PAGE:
2. I have been following all of that and I still can't figure out what they're trying to say --- I know it's some sort of "art" but I don't get it. The piles and piles of VHS cassettes is getting a lot more attention these days because of the 20th anniversary of the movie. I'm just blown away by the 20 years ago part!
  3. Looks great! I have only one comment: having the drawer access on the back, if we can call it that, could be a problem. Typically, carts of this design (big wheels in back, guide wheels on the handle) are tied off an secured on the truck with this surface (the wheels) up against the wall of the truck. Tied off and secured in this manner, the drawers would be inaccessible until the cart was detached and pulled away from the wall. This may not be a problem, though, looking at the front of the cart (which appears to be a solid surface) --- maybe people would just put that front surface against the truck or trailer wall and tie it off, thus providing access to the drawers. Access to the drawers when tied off is important at call time and at wrap when the cart(s) are tied off for travel. It is possible as well that this cart is designed more for traveling in small vehicles and the whole tying it off on a truck or trailer may not even be an issue. I apologize for far too many words.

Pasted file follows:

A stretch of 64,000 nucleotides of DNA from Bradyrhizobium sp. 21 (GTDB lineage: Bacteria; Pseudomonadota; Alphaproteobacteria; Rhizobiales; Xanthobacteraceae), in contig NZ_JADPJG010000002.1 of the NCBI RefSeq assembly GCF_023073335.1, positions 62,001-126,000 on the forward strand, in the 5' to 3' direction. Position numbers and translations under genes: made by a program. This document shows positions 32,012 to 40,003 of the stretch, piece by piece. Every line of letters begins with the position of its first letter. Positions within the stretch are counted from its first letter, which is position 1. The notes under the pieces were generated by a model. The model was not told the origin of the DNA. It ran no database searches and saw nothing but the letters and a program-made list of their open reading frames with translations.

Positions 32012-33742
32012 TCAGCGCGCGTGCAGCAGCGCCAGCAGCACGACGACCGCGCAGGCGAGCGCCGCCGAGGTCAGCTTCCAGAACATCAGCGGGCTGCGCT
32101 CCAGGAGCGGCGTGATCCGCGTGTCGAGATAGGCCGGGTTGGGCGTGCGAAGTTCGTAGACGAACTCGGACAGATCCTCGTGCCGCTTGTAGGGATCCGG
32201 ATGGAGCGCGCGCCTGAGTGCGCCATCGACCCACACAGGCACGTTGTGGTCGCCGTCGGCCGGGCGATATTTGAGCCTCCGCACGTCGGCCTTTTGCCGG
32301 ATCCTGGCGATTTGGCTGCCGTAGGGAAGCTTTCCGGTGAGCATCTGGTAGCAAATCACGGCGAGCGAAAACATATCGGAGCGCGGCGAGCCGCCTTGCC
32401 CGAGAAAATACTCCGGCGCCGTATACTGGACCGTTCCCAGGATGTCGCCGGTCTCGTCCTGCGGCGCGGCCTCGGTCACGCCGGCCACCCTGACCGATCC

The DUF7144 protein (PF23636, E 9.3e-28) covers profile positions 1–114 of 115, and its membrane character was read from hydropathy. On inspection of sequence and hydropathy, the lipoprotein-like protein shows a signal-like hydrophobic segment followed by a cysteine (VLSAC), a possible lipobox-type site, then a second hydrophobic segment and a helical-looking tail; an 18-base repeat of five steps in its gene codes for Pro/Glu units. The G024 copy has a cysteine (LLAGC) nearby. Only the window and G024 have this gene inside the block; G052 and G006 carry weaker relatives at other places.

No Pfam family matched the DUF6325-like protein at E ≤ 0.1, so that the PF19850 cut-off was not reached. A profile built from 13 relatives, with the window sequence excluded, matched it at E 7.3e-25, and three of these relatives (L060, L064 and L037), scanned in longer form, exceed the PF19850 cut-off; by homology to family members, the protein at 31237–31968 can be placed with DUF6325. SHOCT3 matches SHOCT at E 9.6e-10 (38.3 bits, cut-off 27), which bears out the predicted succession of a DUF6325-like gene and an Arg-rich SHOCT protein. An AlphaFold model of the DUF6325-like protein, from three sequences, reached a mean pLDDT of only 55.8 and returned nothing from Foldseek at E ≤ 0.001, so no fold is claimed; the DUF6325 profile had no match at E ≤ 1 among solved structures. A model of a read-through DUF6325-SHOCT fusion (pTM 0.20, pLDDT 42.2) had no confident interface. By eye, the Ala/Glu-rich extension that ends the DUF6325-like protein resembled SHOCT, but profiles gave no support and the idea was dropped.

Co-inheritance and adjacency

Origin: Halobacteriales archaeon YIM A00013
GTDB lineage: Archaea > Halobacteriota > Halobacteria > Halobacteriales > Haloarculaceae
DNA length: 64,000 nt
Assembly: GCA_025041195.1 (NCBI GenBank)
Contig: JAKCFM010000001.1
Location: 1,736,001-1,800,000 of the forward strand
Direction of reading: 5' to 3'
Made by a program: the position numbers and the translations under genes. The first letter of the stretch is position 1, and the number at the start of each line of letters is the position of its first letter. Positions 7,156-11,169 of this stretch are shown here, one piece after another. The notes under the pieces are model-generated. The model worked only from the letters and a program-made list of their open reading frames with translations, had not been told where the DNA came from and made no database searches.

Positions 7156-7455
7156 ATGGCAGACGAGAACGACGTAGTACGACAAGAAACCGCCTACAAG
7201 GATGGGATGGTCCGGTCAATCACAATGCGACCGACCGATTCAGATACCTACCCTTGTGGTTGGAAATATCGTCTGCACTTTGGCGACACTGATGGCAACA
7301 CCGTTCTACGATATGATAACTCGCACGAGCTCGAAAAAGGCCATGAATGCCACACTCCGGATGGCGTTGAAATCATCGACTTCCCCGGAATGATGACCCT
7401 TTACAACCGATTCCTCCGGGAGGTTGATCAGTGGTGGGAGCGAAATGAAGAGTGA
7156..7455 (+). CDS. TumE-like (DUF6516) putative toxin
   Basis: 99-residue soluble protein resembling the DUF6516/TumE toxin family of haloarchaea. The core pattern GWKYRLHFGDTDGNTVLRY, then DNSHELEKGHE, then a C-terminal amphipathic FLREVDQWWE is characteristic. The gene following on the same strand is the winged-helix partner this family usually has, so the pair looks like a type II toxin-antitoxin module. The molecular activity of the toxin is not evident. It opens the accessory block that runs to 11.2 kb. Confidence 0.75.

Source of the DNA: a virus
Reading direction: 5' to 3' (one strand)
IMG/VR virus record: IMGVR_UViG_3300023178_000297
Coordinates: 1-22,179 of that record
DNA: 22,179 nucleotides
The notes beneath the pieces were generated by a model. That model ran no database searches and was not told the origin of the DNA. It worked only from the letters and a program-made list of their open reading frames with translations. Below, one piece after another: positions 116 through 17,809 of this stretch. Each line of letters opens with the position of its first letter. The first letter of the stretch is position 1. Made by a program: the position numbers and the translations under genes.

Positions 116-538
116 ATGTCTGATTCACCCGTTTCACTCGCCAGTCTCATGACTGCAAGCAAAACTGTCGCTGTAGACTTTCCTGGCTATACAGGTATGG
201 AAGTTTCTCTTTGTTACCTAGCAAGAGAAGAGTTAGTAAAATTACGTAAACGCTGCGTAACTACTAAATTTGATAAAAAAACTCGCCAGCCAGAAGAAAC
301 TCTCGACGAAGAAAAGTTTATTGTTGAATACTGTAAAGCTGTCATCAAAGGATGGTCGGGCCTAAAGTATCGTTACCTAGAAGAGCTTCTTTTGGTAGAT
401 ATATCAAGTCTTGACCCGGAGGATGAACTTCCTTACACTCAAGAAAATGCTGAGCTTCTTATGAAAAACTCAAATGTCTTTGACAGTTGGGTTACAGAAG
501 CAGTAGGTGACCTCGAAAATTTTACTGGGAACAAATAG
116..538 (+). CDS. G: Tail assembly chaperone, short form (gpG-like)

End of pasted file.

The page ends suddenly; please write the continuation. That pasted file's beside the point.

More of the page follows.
4. The CAS Technical Achievement Award as it was in the past has been changed and enhanced to be more inclusive and representative. From the CAS website: "The Outstanding Product Awards honor products or workflows which enhance the daily lives of mixers, have become very useful in the workplace, and are becoming established as essential tools for the mixing communities (production and post-production)." CAS will be rolling out a new technical award (not for this years award) that will be more in keeping with the practices of other organizations and honor significant companies and individuals who have contributed to our industry --- this will be a special award, like our President's Award, and will not be awarded every year. As for participation in the Outstanding Product Award this year, I'm not sure we have had many submissions and those nominations are generally announced after the regular slate of nominations. Every year it has been difficult to get enough submissions, often falling short of coming up with the traditional ten nominees, five from Production, five from Post Production.